The seven-stage filtration system uses both the processes of reverse osmosis and active carbon filtration, while also adding back healthy electrolytes and minerals that are stripped away during these processes. It purifies the water and improves the taste of it at the same time, increasing the overall water quality.
Combining Carbon Filtration with Advanced Osmosis
The multi-filtration process starts with the sediment filter, which removes solid impurities that may exist in plumbing systems and make their way into your tap water. Second, the activated carbon filter removes smaller particles. These include hydrogen sulfide and chlorine.
Hydrogen sulfide is a result of a breakdown of bacteria and is often present in industrial and large farming operations. Chlorine is regularly used as a disinfectant by city water systems. Both carry unpleasant odors and tastes that affect the drinkability of tap water.
As the process moves into the advanced osmosis (AO) filtration stage, it captures smaller particles that may still linger after the first two steps. It uses a semi-permeable membrane to remove dissolved contaminants, including lead, heavy metals, bacteria, viruses, and other harmful pollutants. FloWater’s AO filter is five times more efficient than other reverse osmosis systems on the market.
To keep the filtering system clean and sanitized, activated oxygen is added in small amounts. The naturally occurring molecule removes impurities and increases the amount of oxygen in the water, which benefits the body. This filtration stage prevents the saturation that occurs more frequently with other water treatment solutions. The final stages of the process, alkaline and electrolytes enhancements, add to the overall water quality to achieve the purest taste possible.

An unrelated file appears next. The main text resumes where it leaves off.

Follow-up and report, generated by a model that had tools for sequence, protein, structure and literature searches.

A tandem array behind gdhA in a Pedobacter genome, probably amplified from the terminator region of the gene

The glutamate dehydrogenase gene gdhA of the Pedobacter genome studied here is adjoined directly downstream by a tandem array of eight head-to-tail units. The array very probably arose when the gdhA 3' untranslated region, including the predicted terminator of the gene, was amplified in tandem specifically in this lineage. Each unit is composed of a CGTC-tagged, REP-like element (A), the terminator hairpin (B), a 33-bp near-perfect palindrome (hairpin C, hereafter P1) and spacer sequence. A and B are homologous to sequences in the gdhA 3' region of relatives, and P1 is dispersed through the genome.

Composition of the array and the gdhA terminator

FloWater provides benefits on many different levels. Removing lead from lead contaminated water is one of the most significant ones. As businesses continue to evolve past using bottled water as its main source of clean drinking water, the FloWater Refill Station is a way to provide ongoing value to visitors and guests.
- Rabin, MSPH, Richard. “The Lead Industry and Lead Water Pipes “A MODEST CAMPAIGN.” American Journal of Public Health, 2008. United States Library of Medicine – National Institutes of Health, doi:10.2105/AJPH.2007.11355.
- “Lead in Drinking Water.” Centers for Disease Control and Prevention, Centers for Disease Control and Prevention, 18 Nov. 2020, www.cdc.gov/nceh/lead/prevention/sources/water.htm.
- “Lead and Copper Rule.” EPA, Environmental Protection Agency, 10 Feb. 2021, www.epa.gov/dwreginfo/lead-and-copper-rule.
- “Toxics Release Inventory (TRI) GuideME.” EPA, Environmental Protection Agency, of mpub.epa.gov/apex/guideme_ext/f?p=guideme%3Agd%3A%3A%3A%3A%3Agd%3Alead_guidance_3_1.
- “Protect Your Family from Sources of Lead.” EPA, Environmental Protection Agency, 22 Dec. 2020, www.epa.gov/lead/protect-your-family-sources-lead.
- Let It Run…and Get the Lead out! Fact Sheet – EH: Minnesota Department of Health, www.health.state.mn.us/communities/environment/water/factsheet/letitrun_english.html.
- “Lead and Drinking Water from Private Wells.” Centers for Disease Control and Prevention, Centers for Disease Control and Prevention, 1 July 2015, www.cdc.gov/healthywater/drinking/private/wells/disease/lead.html.
- “Technical Information on Home Water Treatment Technologies.” Centers for Disease Control and Prevention, Centers for Disease Control and Prevention, 4 Aug. 2020, www.cdc.gov/healthywater/drinking/home-water-treatment/household_water_treatment.html.
- “Facts About Activated Carbon” EPA, Environmental Protection Agency, June. 1992, https://semspub.epa.gov/work/01/6847.pdf